The Fight to Come Over Isabel dos Santos’ Billions
WHY YOU SHOULD CARE
Because the rich are still very different from you and me.
OZY Newsmakers: Deep dives on the names you need to know.
Given how closely form and function are bound together in a civilized society, the fact that cash is stolen as often as it is should surprise no one. Least of all a Greek chorus of the aggrieved who are currently in mid-chase of one Ms. Isabel dos Santos. The 44-year-old titular “Richest Woman in Africa,” dos Santos’ apparent financial depredations have been thrust into the light after a leak last week of 715,000 documents and investigations fueled by the Washington-based International Consortium of Investigative Journalists (ICIJ).
The leak appears to show how dos Santos — partly as a result of business savvy, along with fortuitous family placement as the daughter of Angola’s former president of 38 years, José Eduardo dos Santos — parlayed all of the above into a colossal cash grab that led to much more than lucrative relations with friends in high places at consulting firms Boston Consulting Group, Deloitte, Ernst & Young, KPMG, McKinsey & Company and PwC — which will find themselves under new scrutiny going forward.
How lucrative? Somewhere north of $2 billion, personal fortune-wise.
It appears dos Santos, in the grips of a sustained pattern of graft, systematically engorged herself at the expense of Angola.
Under a different set of circumstances, it could have been hailed as the stuff of Horatio Alger’s dreams of succeeding by luck, pluck and perseverance. However, given that oil- and diamond-rich Angola also could claim some of the highest rates of infant mortality and a 94 percent poverty rate among rural households, probably not.
What’s much more probable: Dos Santos, in the grips of a sustained pattern of graft, systematically engorged herself at the expense of Angola, and was likely responsible for the more than $1 billion of “lost” government money.
Lost money currently being hunted down by Angola’s Attorney General Hélder Fernando Pitta Grós, who has stated that Angola is seeking to “use all possible means” to get dos Santos, her husband Sindika Dokolo and some portion of that cash back into the country and in court where she would face corruption charges. The charges relate to contracts, emails and invoices that appear to show specifically how dos Santos played banking, construction, diamonds and telecom to pad her wealth.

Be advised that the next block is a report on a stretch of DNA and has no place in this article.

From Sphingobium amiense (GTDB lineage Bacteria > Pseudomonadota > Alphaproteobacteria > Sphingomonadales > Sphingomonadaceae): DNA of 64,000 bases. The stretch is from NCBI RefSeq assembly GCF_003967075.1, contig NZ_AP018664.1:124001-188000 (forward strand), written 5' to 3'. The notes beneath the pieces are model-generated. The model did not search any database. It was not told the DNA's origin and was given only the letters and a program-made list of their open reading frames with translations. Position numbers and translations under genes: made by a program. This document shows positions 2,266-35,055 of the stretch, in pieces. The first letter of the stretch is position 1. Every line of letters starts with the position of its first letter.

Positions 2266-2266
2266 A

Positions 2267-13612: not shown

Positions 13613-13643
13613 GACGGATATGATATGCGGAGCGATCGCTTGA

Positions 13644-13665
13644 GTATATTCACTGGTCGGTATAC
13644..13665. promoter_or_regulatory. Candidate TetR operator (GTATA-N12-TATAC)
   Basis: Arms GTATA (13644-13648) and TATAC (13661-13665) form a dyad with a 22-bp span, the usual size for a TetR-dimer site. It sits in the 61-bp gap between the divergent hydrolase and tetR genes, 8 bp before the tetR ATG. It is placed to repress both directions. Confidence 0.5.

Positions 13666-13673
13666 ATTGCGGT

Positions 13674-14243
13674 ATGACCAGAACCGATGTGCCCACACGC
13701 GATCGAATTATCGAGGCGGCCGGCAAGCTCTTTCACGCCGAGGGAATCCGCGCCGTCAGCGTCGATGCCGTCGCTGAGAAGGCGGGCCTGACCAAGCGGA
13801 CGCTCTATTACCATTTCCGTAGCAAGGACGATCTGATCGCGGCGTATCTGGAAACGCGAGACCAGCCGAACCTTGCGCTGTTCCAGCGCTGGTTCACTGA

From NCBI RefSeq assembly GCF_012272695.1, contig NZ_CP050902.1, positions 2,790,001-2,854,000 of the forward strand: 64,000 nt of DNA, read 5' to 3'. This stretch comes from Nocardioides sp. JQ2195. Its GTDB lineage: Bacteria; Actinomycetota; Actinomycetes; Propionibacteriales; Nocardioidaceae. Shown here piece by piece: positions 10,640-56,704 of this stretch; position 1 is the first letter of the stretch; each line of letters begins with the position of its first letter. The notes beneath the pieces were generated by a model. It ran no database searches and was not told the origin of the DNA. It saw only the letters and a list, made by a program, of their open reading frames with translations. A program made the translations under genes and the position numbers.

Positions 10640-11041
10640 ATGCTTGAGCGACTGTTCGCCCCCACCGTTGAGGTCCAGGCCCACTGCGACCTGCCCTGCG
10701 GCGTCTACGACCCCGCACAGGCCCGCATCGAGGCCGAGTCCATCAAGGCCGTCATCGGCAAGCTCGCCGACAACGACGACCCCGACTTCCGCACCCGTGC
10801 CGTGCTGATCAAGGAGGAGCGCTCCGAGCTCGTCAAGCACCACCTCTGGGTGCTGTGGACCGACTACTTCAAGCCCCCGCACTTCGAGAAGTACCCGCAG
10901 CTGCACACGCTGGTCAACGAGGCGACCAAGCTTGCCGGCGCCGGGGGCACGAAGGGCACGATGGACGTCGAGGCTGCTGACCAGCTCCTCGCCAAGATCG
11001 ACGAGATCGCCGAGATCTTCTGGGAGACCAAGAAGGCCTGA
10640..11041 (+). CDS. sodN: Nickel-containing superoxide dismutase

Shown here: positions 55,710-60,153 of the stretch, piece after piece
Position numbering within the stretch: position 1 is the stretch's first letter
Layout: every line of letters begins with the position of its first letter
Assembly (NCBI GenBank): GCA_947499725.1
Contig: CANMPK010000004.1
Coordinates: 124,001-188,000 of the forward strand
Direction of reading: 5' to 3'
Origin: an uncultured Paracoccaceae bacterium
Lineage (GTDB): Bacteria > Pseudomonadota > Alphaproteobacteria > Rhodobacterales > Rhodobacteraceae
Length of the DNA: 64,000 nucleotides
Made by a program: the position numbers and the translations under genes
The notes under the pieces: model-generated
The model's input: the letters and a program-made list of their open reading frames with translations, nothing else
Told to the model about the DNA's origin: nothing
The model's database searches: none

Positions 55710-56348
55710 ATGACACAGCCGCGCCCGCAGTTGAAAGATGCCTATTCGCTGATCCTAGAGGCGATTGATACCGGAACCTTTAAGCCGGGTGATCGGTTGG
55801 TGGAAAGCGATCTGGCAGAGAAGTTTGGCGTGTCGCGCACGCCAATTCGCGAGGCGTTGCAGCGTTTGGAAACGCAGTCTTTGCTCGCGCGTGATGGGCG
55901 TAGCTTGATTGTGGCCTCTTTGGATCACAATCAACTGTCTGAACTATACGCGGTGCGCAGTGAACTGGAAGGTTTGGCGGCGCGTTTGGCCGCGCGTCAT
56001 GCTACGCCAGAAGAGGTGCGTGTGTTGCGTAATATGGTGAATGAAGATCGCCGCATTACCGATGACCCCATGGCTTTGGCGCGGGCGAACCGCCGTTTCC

A wealth she’s been enjoying first in Portugal, where they’re attempting to confiscate her assets, and presently in the United Arab Emirates, where she has established residency before finally coming a’light in Britain — and is girding for battle.
And this Azerbaijan-born, U.K.-educated daughter of a Russian mother and an Angolan father is battling in step with the current zeitgeist. She took to Twitter to say: “The ICIJ report is based on many fake documents and false information, it is a coordinated political attack in coordinations with the ‘Angolan Government.’ 715 thousand documents read? Who believes that?”
Pretty much everyone, from the Lisbon-based bank EuroBic that’s ceasing its business relationship with her and trying to claw back tens of millions of dollars, to the Angolan government that has frozen her and her husband’s assets. Attorney General Grós — who succeeded José Eduardo dos Santos’ attorney general, Manuel Hélder Vieira Dias Jr. (net worth $3 billion in a curious twist) — is planning on doing anything and everything possible to bring her back to face the music. Starting with extraditing her from England, where she was when the documents were leaked.
It’s not a bad place to be when you consider that extradition from the U.K. is tremendously difficult — specifically if you’re a resident with major investments, which dos Santos clearly still has.
But twists and turns remain in a story whose end is anything but assured. Especially since in the absence of movement in a dos Santos extradition, all eyes are turning to her institutional enablers, the consulting firms. The British PwC, in particular, might get dragged into an imbroglio that will involve some measure of global cooperation against money laundering.
Such a development doesn’t seem to interest dos Santos much, as a fusillade of tweets rail against purveyors of injustice. “I build companies and enterprises,” dos Santos said a few days after the documents were leaked. “I invest and create jobs. This is where my wealth comes from: BUSINESSES …”
With more than 400 companies and subsidiaries in 41 countries, there’s no shortage of businesses. As for legitimate businesses …
“The movement of dirty money through shell companies into the international financial system to be laundered, recycled and deployed for political influence is accelerating,” Larry Diamond, senior fellow at Stanford’s Hoover Institution, told ICIJ. And “it heightens the danger of political violence and human rights abuses.”
Angola, where the life expectancy is 60 years old, probably couldn’t agree more.